How to Write Good News


News is any information about people, places or events that you think will be of interest to your readers, listeners or viewers. It’s the job of news media – newspapers, radio and television – to inform and educate its audiences. Entertainment comes from other sources – music and drama programmes on radio and TV, cartoons and crosswords in newspapers. News should be accurate, but not boring.

To write a good news article you must first know who your audience is. This will help determine the voice and tone of your piece, as well as dictate what you should include in it. Once you know your demographic, you can create an effective headline that will grab the reader’s attention and make them want to read more.

When writing a news story, the most important details should be placed at the top of the article, above the fold (a crease caused by folding a newspaper). This ensures that the reader will see this information first, and hopefully be intrigued enough to keep reading. This is also known as the inverted pyramid format.

The next step is to list all of the main facts in order of importance. This will help your readers understand the full scope of the event, as well as allow them to compare the information from various sources. It’s also a good idea to include any quotes from interviews or other reliable sources. However, when including quotes be careful to avoid using them to support your own opinion. Remember that news is not meant to be a platform for your own political or ideological views.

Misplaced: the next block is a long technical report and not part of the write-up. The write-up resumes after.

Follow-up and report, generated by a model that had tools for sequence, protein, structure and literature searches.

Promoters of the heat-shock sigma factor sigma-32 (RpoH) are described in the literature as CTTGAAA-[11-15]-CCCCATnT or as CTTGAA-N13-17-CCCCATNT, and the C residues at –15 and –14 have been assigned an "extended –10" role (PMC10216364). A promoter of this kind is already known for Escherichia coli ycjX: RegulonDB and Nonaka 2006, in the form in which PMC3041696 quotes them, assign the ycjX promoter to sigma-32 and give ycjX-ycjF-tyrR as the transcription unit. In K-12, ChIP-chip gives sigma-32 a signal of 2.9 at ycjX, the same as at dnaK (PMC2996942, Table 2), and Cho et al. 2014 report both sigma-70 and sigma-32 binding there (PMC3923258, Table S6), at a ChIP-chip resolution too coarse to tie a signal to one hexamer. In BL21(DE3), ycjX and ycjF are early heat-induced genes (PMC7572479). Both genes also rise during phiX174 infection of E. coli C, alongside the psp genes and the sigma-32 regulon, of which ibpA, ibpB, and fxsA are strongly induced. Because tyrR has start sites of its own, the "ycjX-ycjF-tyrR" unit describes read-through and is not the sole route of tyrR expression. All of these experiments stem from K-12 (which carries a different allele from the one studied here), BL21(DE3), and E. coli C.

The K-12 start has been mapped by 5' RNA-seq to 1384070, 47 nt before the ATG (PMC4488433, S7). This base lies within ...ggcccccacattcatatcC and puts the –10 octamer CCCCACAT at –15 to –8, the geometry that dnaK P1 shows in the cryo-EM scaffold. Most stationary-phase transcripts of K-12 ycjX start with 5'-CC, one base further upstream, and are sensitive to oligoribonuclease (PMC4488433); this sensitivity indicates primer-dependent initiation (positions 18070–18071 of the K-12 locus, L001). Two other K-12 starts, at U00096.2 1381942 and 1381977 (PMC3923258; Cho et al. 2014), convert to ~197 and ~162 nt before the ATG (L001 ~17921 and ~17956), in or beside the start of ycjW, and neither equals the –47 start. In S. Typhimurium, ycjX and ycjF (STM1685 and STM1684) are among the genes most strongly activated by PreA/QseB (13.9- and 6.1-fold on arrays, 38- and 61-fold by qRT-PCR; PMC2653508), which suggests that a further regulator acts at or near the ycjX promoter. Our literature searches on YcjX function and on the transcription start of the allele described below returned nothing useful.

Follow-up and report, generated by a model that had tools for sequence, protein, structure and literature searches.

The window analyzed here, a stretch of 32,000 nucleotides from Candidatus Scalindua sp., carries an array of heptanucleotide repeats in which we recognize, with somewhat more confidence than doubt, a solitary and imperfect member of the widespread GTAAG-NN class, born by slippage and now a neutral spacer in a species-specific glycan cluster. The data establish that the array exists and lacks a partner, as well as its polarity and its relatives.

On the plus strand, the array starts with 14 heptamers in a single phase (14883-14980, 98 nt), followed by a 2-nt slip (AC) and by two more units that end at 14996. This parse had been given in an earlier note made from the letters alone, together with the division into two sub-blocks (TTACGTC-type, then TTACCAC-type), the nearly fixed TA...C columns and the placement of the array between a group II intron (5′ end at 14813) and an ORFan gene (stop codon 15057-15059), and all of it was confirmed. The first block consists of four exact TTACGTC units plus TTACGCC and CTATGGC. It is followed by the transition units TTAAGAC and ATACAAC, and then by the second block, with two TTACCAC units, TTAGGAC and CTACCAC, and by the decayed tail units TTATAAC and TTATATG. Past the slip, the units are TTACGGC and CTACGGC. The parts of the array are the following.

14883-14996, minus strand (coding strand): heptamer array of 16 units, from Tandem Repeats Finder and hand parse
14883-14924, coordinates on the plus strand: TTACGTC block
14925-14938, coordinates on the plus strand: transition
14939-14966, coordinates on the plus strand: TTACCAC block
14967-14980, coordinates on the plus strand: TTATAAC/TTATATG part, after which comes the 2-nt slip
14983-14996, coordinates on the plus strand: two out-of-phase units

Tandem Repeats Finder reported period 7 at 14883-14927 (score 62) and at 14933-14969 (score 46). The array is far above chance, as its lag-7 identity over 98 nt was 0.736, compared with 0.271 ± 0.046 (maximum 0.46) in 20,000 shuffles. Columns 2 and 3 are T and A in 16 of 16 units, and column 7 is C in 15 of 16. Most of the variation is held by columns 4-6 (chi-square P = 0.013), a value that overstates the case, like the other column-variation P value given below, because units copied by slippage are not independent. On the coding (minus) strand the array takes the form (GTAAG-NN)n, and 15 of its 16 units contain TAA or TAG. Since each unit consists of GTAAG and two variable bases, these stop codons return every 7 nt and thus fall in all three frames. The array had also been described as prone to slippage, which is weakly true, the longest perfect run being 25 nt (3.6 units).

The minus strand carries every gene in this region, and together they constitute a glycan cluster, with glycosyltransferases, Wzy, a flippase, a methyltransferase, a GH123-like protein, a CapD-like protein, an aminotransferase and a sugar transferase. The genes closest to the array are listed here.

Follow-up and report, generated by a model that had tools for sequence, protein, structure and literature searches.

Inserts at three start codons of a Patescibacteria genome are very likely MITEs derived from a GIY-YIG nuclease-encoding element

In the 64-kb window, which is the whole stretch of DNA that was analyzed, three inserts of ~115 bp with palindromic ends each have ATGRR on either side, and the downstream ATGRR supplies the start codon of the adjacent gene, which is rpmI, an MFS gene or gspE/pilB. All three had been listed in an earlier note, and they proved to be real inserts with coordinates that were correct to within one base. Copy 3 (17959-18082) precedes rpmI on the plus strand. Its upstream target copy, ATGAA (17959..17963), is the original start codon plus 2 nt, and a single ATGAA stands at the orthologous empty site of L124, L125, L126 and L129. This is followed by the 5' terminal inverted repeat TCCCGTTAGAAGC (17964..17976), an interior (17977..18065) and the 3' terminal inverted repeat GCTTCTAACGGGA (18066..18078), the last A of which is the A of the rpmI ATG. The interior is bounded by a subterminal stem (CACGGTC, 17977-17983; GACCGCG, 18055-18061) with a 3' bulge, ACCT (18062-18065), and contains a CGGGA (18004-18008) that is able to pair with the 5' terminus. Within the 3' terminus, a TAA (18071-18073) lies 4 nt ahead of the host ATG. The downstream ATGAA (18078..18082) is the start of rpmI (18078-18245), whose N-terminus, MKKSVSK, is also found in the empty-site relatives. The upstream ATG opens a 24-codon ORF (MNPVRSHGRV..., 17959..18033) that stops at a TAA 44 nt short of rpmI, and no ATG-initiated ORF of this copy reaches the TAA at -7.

Once you’ve listed all of the important facts, it’s time to begin writing your article. Remember to always use the active voice when possible, and keep your sentences short and direct. Additionally, don’t forget to proofread your work for accuracy and consistency.

In the age of online news aggregation, it’s become more common to find articles that contain multiple opinions from different sources. This is a good thing, as it allows readers to see more sides of an issue and decide for themselves what they believe to be true. However, it’s also important to be aware that many of these sites have a bias of their own. Some, like the Wall Street Journal, are believed to have a conservative slant, while others, such as Fox News, feature fiery personalities with more of a right-wing agenda.

In-depth news stories can be hard to write, but they are an excellent way to hold a reader’s attention and keep them coming back for more. These types of articles are similar to straight reporting, but they involve much more extensive research and a deeper understanding of the topic at hand. These kinds of stories typically include interviews with key individuals and may take a longer period of time to complete. Ultimately, a good in-depth news story is one that makes the reader say, “Gee Whiz!”!.